Page 5

FOURIERTRANSFORM5 This relationship means that the Fourier transform controls certain correlations of a function with itself or with other functions, which makes the Fourier trans- form an important tool in understanding the randomness and uniform distribution properties of various objects in probability theory, harmonic analysis, and number theory. For instance, one can pursue the above ideas to establish the central limit theorem (also known as the law of large numbers ), which asserts that the sum of many independent random variables will eventually resemble a Gaussian distribu- tion; one can even use such methods to establish Vinogradov’s theorem , that every suﬃciently large odd number is the sum of three primes. There are many directions in which to generalize the above set of ideas. For in- stance, one can replace the Laplacian by a more general operator, and the plane waves by (generalized) eigenfunctions of that operator, which leads to the sub- ject of spectral theory and functional calculus; one can also study the algebra of Fourier multipliers (and of convolution) more abstractly, which leads to the the- ory of -algebras. One can also go beyond the theory of linear operators and study bilinear, multilinear, or even fully nonlinear operations, leading in particular to the theory of paraproducts , which are generalizations of the pointwise product operation ( ,g )) 7 fg ) that are of importance in diﬀerential equations. In another direction, one can replace Euclidean space by a more general group, in which case the notion of a plane wave is replaced by the notion of a character (if the group is abelian) or a representation (if the group is non-abelian). There are other variants of the Fourier transform, such as the Laplace transform or the Mellin transform, which are very similar algebraically to the Fourier transform and play similar roles (for instance, the Laplace transform is also useful in analyzing diﬀerential equations). We have already seen that Fourier transforms are connected to Taylor series; there is also a connection to some other important series expan- sions, notably Dirichlet series, as well as expansions of functions in terms of special polynomials such as orthogonal polynomials or spherical harmonics. The Fourier transform decomposes a function exactly into many components, each of which has a precise frequency. In some applications it is more useful to adopt a “fuzzier” approach, in which a function is decomposed into fewer components, and each component has a range of frequencies rather than consisting purely of a single frequency. Such decompositions can have the advantage of being less constrained by the uncertainty principle , which asserts that a strong localization in the frequency variable must be accompanied by a strong delocalization in the position variable; this leads to some variants of the Fourier transform, such as wavelet transforms which are better suited for a number of problems in applied and computational mathematics, and also in certain questions in harmonic analysis and diﬀerential equations. The uncertainty principle, being fundamental to quantum mechanics, also connects the Fourier transform to mathematical physics, and in particular to the connections between classical and quantum physics, which can be studied rigourously using the methods of geometric quantization and microlocal analysis. Department of Mathematics, UCLA, Los Angeles CA 90095-1555 E-mail address tao@math.ucla.edu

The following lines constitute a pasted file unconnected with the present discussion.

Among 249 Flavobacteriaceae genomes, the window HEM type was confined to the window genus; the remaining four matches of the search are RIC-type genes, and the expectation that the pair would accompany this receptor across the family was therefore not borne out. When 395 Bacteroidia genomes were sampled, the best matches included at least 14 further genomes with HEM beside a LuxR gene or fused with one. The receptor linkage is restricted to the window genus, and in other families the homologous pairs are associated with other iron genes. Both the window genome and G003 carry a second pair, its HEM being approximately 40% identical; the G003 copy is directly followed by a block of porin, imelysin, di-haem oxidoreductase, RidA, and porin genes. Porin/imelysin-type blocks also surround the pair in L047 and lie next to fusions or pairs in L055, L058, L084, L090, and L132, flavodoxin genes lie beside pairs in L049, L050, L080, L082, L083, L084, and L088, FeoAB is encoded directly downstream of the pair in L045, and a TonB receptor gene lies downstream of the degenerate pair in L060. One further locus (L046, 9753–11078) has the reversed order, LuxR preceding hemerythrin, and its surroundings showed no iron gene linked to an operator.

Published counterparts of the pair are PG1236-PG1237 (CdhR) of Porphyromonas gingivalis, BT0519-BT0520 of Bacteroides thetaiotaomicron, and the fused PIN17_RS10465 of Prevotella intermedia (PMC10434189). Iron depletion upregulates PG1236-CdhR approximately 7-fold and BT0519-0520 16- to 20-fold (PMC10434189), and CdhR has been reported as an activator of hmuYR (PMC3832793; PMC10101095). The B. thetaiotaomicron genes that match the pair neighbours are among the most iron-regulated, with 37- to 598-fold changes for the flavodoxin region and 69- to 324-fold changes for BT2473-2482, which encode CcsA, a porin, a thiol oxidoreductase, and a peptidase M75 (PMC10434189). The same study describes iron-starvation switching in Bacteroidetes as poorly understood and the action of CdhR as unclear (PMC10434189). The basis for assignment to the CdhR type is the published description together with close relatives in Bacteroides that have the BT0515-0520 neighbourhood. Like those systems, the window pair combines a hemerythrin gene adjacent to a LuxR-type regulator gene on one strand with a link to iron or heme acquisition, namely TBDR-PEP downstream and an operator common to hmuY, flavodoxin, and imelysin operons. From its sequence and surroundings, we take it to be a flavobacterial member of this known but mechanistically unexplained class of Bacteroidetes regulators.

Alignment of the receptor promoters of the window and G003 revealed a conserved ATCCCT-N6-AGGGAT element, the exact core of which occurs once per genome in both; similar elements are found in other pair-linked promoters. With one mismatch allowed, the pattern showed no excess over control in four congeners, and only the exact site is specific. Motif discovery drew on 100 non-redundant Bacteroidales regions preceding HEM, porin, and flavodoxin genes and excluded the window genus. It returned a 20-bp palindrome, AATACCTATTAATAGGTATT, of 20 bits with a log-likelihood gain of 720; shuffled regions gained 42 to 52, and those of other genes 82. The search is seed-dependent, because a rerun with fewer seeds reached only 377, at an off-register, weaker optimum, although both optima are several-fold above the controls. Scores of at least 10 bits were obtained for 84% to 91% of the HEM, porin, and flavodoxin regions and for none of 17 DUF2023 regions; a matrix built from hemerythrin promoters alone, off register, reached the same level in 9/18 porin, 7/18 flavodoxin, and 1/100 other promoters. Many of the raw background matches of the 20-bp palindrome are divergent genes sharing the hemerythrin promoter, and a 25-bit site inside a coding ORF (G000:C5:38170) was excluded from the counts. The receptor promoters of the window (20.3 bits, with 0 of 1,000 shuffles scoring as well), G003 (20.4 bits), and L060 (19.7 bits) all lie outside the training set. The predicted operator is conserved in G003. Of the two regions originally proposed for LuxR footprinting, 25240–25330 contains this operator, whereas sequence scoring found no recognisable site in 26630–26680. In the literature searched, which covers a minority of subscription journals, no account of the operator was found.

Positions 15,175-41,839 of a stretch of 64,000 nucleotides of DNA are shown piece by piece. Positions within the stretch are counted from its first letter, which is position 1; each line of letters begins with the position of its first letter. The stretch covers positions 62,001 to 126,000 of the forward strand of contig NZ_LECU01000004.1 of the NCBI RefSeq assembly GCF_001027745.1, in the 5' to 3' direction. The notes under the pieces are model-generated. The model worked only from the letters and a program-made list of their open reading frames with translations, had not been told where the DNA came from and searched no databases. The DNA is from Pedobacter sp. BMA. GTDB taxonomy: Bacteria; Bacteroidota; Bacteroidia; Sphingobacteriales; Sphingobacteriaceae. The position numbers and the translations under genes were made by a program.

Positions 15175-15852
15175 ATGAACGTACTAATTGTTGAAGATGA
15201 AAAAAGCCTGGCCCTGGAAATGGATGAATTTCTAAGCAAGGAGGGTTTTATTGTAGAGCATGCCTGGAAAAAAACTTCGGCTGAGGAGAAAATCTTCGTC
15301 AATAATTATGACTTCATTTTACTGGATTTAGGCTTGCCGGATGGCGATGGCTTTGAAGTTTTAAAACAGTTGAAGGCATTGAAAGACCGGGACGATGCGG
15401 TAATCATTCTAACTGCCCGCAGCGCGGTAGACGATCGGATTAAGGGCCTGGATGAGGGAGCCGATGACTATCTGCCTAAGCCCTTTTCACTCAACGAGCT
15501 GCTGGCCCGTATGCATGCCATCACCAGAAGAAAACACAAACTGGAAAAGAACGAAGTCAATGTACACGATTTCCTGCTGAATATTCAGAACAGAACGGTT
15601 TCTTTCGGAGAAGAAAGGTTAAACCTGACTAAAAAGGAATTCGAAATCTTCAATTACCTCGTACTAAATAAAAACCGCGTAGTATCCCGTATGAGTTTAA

These symmetric functions are usually quite explicit such as a trigonometric function sin nx or cos nx and are often associated with physical concepts such as frequency or energy What symmetric means here will be left vague but it will usually be ID: 23814

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Page 1